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What if I'm Falsely Accused of Family Violence?

According to the 2008 Crime in Texas Report, the Texas Family Code defines family violence as, “an act by a member of a family or household against another member that is intended to result in physical harm, bodily injury, assault, or a threat that reasonably places the member in fear of imminent physical harm.” For the purpose of family violence reports and offenses, “family” includes:

  • Individuals related by blood or marriage
  • Individuals related by former marriage
  • Biological parents who have a child together
  • Foster parents and their foster children
  • Adoptive parents and adopted children
  • Members or former members of a household
  • Individuals who are in a dating relationship

In Texas, family violence is covered under the state’s assault statutes - Title 5, Chapter 22 of the Texas Penal Code. For example, under Sec. 22.01(a), you commit the offense of “assault,” if you knowingly, intentionally, or recklessly injure someone else’s body, including your spouse.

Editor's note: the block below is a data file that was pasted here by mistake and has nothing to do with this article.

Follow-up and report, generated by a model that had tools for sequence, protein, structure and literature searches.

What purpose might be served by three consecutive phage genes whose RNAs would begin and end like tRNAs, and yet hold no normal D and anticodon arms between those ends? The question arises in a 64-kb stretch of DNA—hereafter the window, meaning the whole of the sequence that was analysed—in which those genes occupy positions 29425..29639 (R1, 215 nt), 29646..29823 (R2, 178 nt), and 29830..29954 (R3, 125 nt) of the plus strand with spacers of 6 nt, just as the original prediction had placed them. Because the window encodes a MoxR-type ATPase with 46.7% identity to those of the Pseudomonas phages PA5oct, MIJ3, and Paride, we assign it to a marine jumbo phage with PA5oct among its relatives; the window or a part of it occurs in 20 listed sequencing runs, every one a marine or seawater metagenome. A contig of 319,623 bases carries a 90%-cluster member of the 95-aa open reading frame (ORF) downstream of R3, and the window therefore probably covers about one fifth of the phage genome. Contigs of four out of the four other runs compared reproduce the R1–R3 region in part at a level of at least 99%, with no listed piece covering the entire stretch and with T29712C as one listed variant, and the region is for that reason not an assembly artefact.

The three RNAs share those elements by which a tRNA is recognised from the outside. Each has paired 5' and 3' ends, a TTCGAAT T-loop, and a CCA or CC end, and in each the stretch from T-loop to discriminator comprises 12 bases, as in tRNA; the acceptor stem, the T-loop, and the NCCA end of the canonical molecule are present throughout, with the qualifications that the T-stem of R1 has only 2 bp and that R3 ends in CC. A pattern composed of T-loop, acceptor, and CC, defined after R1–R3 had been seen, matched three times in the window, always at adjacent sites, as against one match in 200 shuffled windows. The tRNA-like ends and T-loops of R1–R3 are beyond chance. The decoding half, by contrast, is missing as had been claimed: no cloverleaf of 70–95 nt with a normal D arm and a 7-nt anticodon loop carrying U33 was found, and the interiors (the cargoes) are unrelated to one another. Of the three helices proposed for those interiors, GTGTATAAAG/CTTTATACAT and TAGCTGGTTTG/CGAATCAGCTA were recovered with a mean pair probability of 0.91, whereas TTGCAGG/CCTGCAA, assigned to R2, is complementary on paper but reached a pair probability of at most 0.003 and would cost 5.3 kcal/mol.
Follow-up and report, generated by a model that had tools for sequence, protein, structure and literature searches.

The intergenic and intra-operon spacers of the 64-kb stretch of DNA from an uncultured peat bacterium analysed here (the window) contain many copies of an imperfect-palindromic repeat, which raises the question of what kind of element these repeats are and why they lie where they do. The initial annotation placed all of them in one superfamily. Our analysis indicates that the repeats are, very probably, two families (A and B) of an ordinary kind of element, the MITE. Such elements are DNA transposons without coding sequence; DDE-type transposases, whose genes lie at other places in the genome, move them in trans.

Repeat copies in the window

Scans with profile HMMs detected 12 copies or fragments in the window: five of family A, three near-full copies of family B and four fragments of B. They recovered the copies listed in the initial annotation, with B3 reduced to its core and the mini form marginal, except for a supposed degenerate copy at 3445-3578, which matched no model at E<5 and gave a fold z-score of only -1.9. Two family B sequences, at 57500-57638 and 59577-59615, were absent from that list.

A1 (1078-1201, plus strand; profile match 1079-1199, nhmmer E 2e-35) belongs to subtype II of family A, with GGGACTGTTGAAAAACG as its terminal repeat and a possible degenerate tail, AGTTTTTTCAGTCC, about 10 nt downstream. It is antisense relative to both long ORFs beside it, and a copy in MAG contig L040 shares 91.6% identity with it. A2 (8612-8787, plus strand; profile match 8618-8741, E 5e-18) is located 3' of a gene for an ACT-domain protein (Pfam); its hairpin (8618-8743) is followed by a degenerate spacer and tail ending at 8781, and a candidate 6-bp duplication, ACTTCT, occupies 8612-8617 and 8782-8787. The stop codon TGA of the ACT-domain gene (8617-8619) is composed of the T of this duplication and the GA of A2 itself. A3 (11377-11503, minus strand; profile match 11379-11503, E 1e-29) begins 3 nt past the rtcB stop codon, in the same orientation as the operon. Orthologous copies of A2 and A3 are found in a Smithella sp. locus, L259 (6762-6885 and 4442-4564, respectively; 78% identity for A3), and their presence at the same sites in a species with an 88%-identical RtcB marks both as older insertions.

An offense under Sec. 22.01(a) is a Class A misdemeanor, but it’s a felony of the third degree if it’s committed against a family member, such as your spouse or child. Under Sec. 12.34 of the Texas Penal Code, a third-degree felony is punishable by 2 to 10 years in prison and by a fine not to exceed $10,000.

When You’re Wrongfully Accused

False accusations of family abuse or domestic violence are no laughing matter; they are very serious and can result in a protective order being filed against you, not to mention criminal charges for assault. Even if you aren’t charged with assault, if you violate a protective order, you can be arrested and charged with a crime.

If you have children, you can be ordered to move out of the family home, pay child support, and stay away from the children’s school. You can also be ordered to give up your firearms. In other words, if you’re being accused of child abuse or spousal abuse and the court believes your accuser, the ramifications can be serious.

What should you do? It depends on who the accuser told and whether you’re going to be charged with a crime or not, and other facts of your case. We highly recommend that you consult with a Plano criminal defense attorney from our firm for proper damage control.